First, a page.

Thursday, November 18, 2010

Food Security Action Fund Miserly Compared to "Clean Coal"

Reuters reports a global fund of $20 million a year for 10 years has been established to research how to feed the world population in the face of worsening floods and droughts. By 2050, global "potential to produce food" could decline by 5 to 10 percent, after an average increase through 2020, according to Andy Jarvis, an agriculture policy expert at the International Center for Tropical Agriculture, based in Colombia. The program will use an Australian climate model to look at how rising temperatures and rainfall changes affect 50 major crops worldwide including sorghum, millet, sweet potato, wheat, rice and maize. Climate models point to accelerating declines in production of rain-fed wheat worldwide of 2.2 percent by 2020, 4 percent by 2050 and 18.6 percent by 2080, unless climate change is curbed or effective adaptive measures are put in place, scientists told reporters.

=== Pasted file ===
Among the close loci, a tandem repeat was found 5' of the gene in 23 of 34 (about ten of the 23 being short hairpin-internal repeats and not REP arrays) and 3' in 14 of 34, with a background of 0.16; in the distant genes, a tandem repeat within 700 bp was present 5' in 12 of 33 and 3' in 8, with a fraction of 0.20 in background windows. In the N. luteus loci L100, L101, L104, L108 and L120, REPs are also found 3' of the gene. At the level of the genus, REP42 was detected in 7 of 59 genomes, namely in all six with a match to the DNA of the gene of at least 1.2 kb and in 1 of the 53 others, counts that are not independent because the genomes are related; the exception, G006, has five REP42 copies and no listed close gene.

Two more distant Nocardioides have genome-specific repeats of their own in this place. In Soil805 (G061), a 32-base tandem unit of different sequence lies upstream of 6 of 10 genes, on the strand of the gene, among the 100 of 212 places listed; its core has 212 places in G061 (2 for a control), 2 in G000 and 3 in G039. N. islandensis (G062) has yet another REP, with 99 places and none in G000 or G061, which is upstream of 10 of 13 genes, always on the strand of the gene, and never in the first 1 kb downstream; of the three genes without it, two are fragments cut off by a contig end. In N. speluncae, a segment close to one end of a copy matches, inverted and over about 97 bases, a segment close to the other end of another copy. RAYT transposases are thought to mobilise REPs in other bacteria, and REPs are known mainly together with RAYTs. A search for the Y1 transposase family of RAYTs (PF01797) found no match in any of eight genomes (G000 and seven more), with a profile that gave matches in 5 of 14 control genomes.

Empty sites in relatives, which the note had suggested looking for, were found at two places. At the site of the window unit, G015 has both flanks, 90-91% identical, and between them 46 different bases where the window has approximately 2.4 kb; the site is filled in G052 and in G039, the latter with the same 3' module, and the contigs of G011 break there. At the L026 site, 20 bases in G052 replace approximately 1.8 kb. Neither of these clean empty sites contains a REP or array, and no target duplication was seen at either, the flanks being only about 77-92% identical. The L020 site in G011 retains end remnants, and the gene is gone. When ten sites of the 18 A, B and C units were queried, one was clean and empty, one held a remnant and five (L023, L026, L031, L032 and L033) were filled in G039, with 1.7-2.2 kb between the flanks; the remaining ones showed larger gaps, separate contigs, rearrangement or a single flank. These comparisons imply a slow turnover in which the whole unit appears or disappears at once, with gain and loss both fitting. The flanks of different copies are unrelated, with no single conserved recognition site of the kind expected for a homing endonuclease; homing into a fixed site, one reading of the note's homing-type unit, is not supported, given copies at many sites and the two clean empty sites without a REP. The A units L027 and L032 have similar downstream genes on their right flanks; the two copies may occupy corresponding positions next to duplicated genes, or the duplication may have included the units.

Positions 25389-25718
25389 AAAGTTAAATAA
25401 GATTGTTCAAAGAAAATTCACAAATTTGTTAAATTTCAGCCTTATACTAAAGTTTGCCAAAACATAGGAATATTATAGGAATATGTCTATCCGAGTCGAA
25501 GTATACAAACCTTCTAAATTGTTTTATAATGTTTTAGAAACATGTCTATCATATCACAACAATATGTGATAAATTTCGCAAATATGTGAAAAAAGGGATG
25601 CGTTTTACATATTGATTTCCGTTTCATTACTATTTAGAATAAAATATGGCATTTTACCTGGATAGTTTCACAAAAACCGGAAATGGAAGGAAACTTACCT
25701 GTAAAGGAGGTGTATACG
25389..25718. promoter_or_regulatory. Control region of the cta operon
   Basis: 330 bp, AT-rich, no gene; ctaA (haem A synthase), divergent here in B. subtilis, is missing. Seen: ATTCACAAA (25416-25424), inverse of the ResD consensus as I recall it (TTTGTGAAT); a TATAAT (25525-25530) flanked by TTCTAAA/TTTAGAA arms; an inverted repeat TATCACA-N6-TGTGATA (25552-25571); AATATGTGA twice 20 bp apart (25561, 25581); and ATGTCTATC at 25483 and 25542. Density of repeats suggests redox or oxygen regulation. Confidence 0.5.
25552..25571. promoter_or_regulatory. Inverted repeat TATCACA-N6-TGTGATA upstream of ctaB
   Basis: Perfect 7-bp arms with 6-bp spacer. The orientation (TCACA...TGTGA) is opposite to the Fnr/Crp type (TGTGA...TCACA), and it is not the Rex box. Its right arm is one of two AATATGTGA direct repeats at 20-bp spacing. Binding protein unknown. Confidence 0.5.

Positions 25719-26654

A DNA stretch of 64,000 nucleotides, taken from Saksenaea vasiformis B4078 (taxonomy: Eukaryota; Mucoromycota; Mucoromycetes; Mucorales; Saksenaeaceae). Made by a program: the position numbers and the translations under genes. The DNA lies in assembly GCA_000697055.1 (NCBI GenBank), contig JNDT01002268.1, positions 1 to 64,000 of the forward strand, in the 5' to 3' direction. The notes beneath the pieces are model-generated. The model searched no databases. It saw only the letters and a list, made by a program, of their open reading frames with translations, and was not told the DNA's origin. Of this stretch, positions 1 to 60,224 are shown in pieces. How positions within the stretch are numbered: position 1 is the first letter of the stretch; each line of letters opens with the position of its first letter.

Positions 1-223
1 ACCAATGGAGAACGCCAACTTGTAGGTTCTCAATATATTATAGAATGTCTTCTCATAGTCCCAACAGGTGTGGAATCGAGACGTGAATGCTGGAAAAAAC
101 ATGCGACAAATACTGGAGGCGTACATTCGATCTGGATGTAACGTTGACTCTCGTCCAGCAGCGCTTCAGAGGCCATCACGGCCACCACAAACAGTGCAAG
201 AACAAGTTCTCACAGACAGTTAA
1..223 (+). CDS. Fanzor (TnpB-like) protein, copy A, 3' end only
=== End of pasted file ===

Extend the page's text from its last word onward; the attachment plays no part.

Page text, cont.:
Maintaining adequate food production in the face of climate pressures may require some societies to switch their staple crops, if varieties more tolerant of drought, floods and pests cannot be successfully developed.
The amount of funding applied to this project compared with the billions spent on coal technology is revealing of distorted priorities. (Source: Climate Spectator)

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